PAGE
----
Natural learning is all about following natural curiosity, learning by experiencing, connecting with nature and valuing a creative approach. At the centre of the natural learning ethos lies the importance of caring for yourself, for each other and for the world around us.
Being an active learner means getting fully involved, physically moving around to explore and having a reason to want to find out more. Activity aids memory, while sedentary learning encourages the mind to wander off elsewhere. Jump up out of the chair, head outside, make, explore and find out something new.
Sharing time between different areas of learning provides balance. Physical activity, cognitive brain work and free creative time are equally important and compliment each other. Some learning will fall into one group and others will overlap. Getting balance in the day can be as simple as allocating an hour to each area.
Creativity comes in all shapes and sizes; from engineering problem-solving to colourful artistic creations. Being creative in your thinking is the greatest skill, and the best opportunity for later success. Finding a different solution, a new use for an object, an answer no-one had thought of – that’s creativity hard at work and a sure sign of a happy, healthy mind developing new connections.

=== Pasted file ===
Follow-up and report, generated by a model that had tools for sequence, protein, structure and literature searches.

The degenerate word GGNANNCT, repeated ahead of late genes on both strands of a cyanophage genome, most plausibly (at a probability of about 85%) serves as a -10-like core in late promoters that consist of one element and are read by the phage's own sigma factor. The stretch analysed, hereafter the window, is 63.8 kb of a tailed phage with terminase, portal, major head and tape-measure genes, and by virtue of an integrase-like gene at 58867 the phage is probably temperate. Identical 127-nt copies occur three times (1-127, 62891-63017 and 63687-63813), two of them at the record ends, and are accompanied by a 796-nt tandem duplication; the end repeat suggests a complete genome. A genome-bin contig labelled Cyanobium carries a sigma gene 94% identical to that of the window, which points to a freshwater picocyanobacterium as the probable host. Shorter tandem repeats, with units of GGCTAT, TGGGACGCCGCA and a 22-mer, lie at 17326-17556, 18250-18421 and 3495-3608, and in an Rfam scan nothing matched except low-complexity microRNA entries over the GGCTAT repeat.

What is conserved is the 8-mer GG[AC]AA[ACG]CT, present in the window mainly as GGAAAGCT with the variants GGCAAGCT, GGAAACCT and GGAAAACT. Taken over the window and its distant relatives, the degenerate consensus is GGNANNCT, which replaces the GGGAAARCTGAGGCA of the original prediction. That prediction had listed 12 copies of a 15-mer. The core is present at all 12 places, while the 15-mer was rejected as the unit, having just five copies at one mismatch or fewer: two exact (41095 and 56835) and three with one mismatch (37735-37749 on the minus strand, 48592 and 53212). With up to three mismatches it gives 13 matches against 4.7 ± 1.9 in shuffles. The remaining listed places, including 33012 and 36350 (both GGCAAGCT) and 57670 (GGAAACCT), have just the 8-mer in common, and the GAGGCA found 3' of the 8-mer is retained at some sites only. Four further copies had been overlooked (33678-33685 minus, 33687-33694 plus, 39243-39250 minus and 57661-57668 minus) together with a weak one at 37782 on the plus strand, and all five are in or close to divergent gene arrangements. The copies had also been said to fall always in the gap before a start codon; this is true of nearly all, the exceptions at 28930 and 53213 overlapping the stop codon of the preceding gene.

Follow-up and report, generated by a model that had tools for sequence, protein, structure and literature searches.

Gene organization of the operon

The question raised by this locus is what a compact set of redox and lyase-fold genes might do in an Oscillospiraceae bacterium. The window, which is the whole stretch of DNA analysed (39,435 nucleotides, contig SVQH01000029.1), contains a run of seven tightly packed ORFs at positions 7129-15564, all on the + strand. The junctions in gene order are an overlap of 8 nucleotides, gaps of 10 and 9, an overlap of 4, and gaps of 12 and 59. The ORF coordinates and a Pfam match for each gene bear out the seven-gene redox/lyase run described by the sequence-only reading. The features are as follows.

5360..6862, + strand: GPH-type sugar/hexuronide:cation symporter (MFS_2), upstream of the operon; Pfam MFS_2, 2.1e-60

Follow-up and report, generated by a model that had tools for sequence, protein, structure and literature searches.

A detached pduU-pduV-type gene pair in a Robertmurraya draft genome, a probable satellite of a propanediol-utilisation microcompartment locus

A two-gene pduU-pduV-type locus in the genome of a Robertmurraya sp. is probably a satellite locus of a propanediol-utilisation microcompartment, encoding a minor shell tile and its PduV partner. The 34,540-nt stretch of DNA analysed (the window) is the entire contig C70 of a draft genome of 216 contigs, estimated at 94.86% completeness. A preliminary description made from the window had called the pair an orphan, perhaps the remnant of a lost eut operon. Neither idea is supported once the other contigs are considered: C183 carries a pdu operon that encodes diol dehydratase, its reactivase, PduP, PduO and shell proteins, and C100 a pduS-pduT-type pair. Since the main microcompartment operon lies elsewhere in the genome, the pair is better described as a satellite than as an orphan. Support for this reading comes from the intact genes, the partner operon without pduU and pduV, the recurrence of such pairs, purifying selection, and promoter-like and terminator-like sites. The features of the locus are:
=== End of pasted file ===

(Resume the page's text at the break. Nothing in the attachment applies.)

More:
Give a reason to find out information by turning a worksheet into a treasure trail, hanging cards on trees and under stones instead of on a page. Write morse code messages on leaves to be found around an outdoor space.
Works of wonder can take all day and combine active, balanced and creative learning using skills of design, problem-solving, making and communicating ideas. The brief can be really simple; make the longest marble run, make a box with a surprise inside, perform a puppet show, build a den for two, make a hat, cook for an indoor picnic, turn an old piece of clothing into something new.
Go off on an interesting tangent when a new exciting idea is suggested or an unplanned creation pops in the mind.
Next time: Discovery, Everybody, Flexibility
Louise has taught in classrooms of all shapes and sizes, as a primary school teacher, forest school leader and trainer, outdoor learning consultant and researcher. She writes resources and stories for outdoor and woodland learning adventures using the natural learning ethos.